Studio: Vertical Entertainment
Director: Babak Anvari
Writer: Babak Anvari
Producer: Lucan Toh, Oliver Roskill, Emily Leo
Stars: Narges Rashidi, Avin Manshadi, Bobby Naderi, Arash Marandi, Aram Ghasemy, Soussan Farrokhnia, Behi Djanati Atai, Ray Haratian, Hamidreza Djavdan, Bijan Daneshmand
A mother and daughter confront supernatural terror inside a war-torn Tehran, Iran apartment building.
Shideh’s medical school dreams have just been dashed by the youthful indiscretions of her revolutionary past. Her husband Iraj’s idea of comfort is to suggest they are better off with him being the only doctor in the family. Shideh would prefer to take Iraj to task for his lack of progressive thinking, even if it is 1980s Iran. That debate swiftly swims to a back burner once Iraj is drafted into a military tour of duty, leaving Shideh on her own with their young daughter Dorsa.
While the horror of the Iran-Iraq War summons sirens and fire strikes outside, another type of terror takes a different toll inside a war-torn Tehran apartment building. After an unexploded missile rocks the residence, Shideh and Dorsa’s daily drills of sheltering with neighbors during air raids are suddenly supplanted by the sinister air of something supernatural haunting mother and child.
Dorsa repeats disturbing legends of demonic djinn told to her by a mute boy living downstairs. Personal items like Dorsa’s beloved doll and Shideh’s contraband Jane Fonda workout tape disappear without explanation. Shideh would rather join the steady stream of residents fleeing the building for safer quarters, but an intangible presence is not so eager to see her go. Shideh unavoidably finds herself fighting for psychological survival as much as for physical when she becomes the only wedge shielding Dorsa from this evil entity. But Shideh may be no help to anyone if she can’t stop her mind from unraveling first.
Fairly and unfairly, Farsi-language festival favorite “Under the Shadow” is repeatedly described as an Iranian “The Babadook.” Unfairly, because “Under the Shadow” is its own entity with a highly original setting and an exceptional cinematic sensibility for weaving supernatural suspense. Fairly, because the simple comparison nevertheless accurately summarizes the film’s central focus on an oppressive parental nightmare.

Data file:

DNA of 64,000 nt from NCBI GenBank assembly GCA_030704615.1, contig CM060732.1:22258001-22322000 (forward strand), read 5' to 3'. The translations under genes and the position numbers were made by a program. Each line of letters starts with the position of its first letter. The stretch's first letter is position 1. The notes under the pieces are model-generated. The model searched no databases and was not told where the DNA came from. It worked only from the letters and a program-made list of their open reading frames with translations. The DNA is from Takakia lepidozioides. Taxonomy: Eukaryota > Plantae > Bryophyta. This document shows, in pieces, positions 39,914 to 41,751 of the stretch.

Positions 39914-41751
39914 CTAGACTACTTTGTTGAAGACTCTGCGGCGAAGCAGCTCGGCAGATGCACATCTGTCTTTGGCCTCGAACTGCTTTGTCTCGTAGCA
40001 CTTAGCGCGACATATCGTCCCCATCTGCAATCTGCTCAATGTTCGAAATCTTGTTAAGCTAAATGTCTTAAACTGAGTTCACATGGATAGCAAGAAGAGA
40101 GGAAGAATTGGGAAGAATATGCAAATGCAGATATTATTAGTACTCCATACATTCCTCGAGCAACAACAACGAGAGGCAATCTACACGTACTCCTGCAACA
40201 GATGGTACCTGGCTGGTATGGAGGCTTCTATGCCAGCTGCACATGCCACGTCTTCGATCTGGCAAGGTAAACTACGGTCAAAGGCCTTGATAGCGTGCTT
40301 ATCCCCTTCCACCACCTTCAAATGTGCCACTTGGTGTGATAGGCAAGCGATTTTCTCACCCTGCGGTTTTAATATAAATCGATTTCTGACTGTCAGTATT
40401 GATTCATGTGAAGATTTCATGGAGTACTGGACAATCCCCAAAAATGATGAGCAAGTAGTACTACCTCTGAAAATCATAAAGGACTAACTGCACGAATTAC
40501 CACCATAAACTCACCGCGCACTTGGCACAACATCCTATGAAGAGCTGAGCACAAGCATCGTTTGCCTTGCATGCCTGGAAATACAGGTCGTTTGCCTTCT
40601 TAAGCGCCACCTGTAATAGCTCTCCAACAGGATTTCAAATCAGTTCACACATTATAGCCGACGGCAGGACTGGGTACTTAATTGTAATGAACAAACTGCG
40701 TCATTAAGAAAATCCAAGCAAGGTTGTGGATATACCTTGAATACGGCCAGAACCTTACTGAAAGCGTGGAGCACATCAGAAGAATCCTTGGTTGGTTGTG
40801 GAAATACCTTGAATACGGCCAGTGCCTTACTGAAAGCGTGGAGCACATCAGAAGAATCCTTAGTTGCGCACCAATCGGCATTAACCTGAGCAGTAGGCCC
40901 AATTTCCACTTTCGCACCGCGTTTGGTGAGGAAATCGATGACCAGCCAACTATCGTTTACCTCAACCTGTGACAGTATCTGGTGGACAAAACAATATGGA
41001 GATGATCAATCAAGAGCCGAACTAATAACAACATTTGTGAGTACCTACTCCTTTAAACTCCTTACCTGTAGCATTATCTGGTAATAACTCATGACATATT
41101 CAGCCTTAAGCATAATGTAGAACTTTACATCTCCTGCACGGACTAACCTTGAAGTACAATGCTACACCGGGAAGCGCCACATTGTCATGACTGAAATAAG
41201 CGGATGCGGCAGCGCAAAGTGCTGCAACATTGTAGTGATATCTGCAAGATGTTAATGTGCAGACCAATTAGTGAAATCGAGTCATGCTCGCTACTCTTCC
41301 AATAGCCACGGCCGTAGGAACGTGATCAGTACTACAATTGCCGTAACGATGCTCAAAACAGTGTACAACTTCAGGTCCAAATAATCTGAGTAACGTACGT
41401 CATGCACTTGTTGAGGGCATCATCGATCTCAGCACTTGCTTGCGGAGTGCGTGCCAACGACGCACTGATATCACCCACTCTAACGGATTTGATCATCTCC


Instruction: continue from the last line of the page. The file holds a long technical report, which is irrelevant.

However apt the simile, the fact of the matter is it makes for a safe estimation to surmise that those unsatisfied by the psychological story and cerebral ambiguity of “The Babadook” are unlikely to find favor with “Under the Shadow” for similar reasons. “Under the Shadow” is very much a multilayered exploration of atmosphere thick with themes of struggling for personal identity, empowerment, and adapting to grief.
Anyone out to experience “Under the Shadow” as a slow-build haunter instead of a socially-charged thinkpiece is still in luck. Director Babak Anvari slides in subtext so subtly that it complements creeping chills with unobtrusively politicized parallels rather than overpowering the family fear narrative running through the core. That absence of a heavy hand frees viewers to connect with characters and content on whatever levels they wish. “Under the Shadow” is equally adept at moving a hand over the mouth in fright or guiding it to the chin for a stroke of contemplative reflection.
Differentiating “Under the Shadow” above all else is its fascinating backdrop of Middle East turmoil. Whether the threat comes from an unexpected bombing, a nosy neighbor reporting VCR ownership to authorities, or a run-in with police for neglecting to wear a headdress in public, culture-specific danger threatens Shideh from all angles before paranormal paranoia even emerges from the hole in her ceiling. Anvari masterfully maneuvers each degree of dread to create a relatable sense of societal sadness and inescapable evil continuously closing like a vice grip.
Despite the elevation of its outstanding setting, provocative plotting, and Roman Polanski influences making for an unnerving mood, it is difficult to fully separate “Under the Shadow” from Jennifer Kent’s 2014 horror hit “The Babadook” (review here). Were the feeling inspired not so similar, “Under the Shadow” would stand taller as a fiercer force of horror filmmaking.
A number of “The Babadook” criticisms come from viewers and reviewers irritated by Noah Wiseman’s unruly little boy character, Samuel. I feel completely differently, citing Wiseman’s performance as one of the most terrifically memorable ones ever delivered by a child actor. However, irritated is how I feel about Avin Manshadi as Dorsa in “Under the Shadow.”
Fault is not in the young actress’ portrayal. Rather, it is in distaste for the character’s particular brand of pouty disobedience. Whereas Sam’s overactive misbehavior is ringed with sincere affection for defending his mother from imaginary monsters, Dorsa is a boring brat. Sam’s charm counterbalances obnoxiousness. Dorsa’s function is facilitating her mother’s frustration and underwriting her character like this undermines an ability to connect with the mother-daughter plight of “Under the Shadow” in the same manner as mother-son in “The Babadook.”
Both films are remarkable achievements in genre cinema for technical execution, entertainment value, and emotional heft. But the relationship with more resonance ultimately determines any personal preference for one film over the other, as well as how lasting of an impression is left. “Under the Shadow” could have an even greater impact. Dorsa and Mister Babadook simply won’t allow it.
Review Score: 75